Some growth in government IT spending, recent report shows
Governments in the U.S. (federal, state and local) will spend about $135 billion on IT products and services in 2009, an increase of 4.3% over 2008 levels, according to an analysis by Scottsdale, Ariz.-based Compass Intelligence.
Government IT spending will reach $159 billion by 2013, predicts the company's recent "Government IT Today: IT Budget and Tech Trends in Government." Between 2010 and 2013, Compass Intelligence predicts spending will grow about 4.2 percent annually.
Federal agencies account for the lion's share of government IT spending; in 2009 federal agencies will spend $86 billion, or almost 64 percent of government IT expenditures. Local governments will account for one-quarter of government IT spending, or $34 billion. States will spend $16 billion, or 11.5 percent of total government IT expenditures. States and federal agencies saw their IT budgets grow 4.8 and 4.5 percent, respectively, comparing 2009 with 2008. Local governments had a 3.8 percent growth rate in 2009 vs. 2008 budgets.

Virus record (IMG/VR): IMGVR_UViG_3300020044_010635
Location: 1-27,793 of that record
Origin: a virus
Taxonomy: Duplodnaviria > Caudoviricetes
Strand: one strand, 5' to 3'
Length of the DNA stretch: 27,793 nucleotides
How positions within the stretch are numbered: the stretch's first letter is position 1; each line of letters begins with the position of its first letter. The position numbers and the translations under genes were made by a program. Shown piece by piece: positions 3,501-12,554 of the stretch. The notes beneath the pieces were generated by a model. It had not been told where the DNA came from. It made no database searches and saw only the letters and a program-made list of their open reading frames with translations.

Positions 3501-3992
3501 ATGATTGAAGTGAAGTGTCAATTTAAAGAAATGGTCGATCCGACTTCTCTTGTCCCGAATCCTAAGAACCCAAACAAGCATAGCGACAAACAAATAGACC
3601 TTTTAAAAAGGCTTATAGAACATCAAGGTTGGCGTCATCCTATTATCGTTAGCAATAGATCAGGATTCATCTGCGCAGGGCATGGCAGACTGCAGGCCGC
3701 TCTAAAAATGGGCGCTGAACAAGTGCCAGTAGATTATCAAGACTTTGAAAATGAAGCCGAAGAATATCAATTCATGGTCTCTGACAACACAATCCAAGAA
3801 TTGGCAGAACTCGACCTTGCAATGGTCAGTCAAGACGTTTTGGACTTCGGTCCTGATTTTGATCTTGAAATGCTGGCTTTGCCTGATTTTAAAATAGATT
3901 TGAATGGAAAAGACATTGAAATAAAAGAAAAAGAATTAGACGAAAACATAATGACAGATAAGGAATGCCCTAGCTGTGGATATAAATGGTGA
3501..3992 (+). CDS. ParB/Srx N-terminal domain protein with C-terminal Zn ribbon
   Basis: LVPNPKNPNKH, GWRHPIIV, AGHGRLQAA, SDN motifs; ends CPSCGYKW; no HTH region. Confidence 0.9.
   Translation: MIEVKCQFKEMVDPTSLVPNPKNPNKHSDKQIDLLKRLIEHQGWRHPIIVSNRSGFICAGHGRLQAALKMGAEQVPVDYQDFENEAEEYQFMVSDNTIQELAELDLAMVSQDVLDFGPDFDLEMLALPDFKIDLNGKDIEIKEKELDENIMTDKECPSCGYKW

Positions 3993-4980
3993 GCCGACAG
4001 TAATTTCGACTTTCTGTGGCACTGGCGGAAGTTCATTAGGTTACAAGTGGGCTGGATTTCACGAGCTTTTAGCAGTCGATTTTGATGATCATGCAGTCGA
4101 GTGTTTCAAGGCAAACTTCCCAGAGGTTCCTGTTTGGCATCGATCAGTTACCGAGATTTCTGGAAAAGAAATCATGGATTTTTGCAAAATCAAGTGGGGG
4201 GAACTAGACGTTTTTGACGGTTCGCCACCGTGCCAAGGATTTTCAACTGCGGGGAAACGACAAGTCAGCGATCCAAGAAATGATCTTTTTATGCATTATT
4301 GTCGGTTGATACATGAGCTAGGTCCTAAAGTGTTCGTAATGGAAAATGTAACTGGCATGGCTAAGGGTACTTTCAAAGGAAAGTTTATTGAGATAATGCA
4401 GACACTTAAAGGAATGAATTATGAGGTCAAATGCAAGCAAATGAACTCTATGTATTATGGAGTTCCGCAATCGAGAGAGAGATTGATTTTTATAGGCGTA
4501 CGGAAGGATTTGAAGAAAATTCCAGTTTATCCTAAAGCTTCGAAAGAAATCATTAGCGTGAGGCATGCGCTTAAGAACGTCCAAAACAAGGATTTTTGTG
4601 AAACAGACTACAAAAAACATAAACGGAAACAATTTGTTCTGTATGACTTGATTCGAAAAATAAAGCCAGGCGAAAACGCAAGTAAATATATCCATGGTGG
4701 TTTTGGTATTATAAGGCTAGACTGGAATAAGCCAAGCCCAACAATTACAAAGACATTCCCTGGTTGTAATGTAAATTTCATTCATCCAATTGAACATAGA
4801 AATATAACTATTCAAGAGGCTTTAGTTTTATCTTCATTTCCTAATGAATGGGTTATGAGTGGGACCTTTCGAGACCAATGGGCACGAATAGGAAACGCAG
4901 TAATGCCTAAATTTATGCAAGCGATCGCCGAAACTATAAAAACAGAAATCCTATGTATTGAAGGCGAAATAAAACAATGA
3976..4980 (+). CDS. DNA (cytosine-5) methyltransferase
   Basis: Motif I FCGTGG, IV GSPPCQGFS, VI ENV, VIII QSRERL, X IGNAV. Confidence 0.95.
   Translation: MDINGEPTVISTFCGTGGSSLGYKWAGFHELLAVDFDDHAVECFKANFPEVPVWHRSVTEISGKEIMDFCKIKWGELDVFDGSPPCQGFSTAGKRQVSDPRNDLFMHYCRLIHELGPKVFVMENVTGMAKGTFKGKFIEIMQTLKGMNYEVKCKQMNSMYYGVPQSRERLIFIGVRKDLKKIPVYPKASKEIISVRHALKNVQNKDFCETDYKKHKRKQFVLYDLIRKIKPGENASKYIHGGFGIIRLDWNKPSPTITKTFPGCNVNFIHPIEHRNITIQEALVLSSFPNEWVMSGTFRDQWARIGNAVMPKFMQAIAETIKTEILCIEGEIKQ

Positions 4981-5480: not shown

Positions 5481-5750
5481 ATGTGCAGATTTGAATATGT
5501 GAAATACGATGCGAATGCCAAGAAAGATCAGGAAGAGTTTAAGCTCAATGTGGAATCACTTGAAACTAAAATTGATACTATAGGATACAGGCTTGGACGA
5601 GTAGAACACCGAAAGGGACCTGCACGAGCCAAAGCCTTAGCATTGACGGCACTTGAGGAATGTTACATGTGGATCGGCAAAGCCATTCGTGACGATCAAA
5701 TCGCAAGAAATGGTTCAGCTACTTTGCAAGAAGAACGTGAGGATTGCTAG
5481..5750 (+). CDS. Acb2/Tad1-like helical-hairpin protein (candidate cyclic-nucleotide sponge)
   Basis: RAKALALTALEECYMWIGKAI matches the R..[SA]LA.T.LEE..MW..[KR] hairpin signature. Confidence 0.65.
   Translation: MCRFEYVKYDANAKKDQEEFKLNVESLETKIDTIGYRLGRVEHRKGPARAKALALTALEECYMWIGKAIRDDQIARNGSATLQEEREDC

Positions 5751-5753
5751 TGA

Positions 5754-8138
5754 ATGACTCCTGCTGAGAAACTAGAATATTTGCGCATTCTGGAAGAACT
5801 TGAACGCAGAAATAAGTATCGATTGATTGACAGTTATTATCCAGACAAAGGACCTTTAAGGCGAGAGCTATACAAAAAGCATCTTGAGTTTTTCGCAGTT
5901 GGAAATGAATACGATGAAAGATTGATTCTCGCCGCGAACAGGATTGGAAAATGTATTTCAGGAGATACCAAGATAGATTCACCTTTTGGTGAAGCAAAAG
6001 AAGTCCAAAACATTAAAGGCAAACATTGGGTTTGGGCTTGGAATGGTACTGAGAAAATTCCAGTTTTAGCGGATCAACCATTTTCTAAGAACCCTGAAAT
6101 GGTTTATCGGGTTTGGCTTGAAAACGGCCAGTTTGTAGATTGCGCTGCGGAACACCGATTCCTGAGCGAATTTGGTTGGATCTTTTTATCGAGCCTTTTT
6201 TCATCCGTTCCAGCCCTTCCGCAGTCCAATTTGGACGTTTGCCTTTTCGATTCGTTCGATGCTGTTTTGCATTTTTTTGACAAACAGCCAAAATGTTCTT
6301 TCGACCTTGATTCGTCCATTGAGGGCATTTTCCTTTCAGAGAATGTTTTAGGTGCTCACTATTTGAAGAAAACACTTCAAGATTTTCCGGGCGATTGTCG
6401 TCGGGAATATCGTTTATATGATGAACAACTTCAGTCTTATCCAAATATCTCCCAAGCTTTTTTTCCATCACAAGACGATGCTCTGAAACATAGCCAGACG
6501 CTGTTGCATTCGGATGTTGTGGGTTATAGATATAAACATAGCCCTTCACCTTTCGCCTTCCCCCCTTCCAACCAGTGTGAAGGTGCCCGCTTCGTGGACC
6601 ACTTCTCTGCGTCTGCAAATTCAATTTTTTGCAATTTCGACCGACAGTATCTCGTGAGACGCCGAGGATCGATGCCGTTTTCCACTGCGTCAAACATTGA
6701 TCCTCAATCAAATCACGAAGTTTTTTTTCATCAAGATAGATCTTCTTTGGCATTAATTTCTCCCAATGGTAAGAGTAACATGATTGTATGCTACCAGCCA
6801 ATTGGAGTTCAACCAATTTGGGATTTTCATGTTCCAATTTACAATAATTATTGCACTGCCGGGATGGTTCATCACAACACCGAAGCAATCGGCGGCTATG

"The near-term expenditure focus areas (in government) include applications, interoperability, remote access, and mobility (Wi-Fi)," says Stephanie Atkinson, managing partner at Compass Intelligence. "The future or two- to four-year-out trends include video, multi-media applications, and specific areas such as RFID and biometrics."
Atkinson sees some of the hot buttons in government IT in 2009 and 2010 as:
- American Reinvestment and Recovery Act (ARRA) stimulus funding
- Emergency management, alert notification and disaster planning
- Digital divide and the push for broadband
- Green government
The economic recession and drop in sales tax revenues as well as the move toward greater transparency and accountability will affect government IT spending, according to the Compass Intelligence report.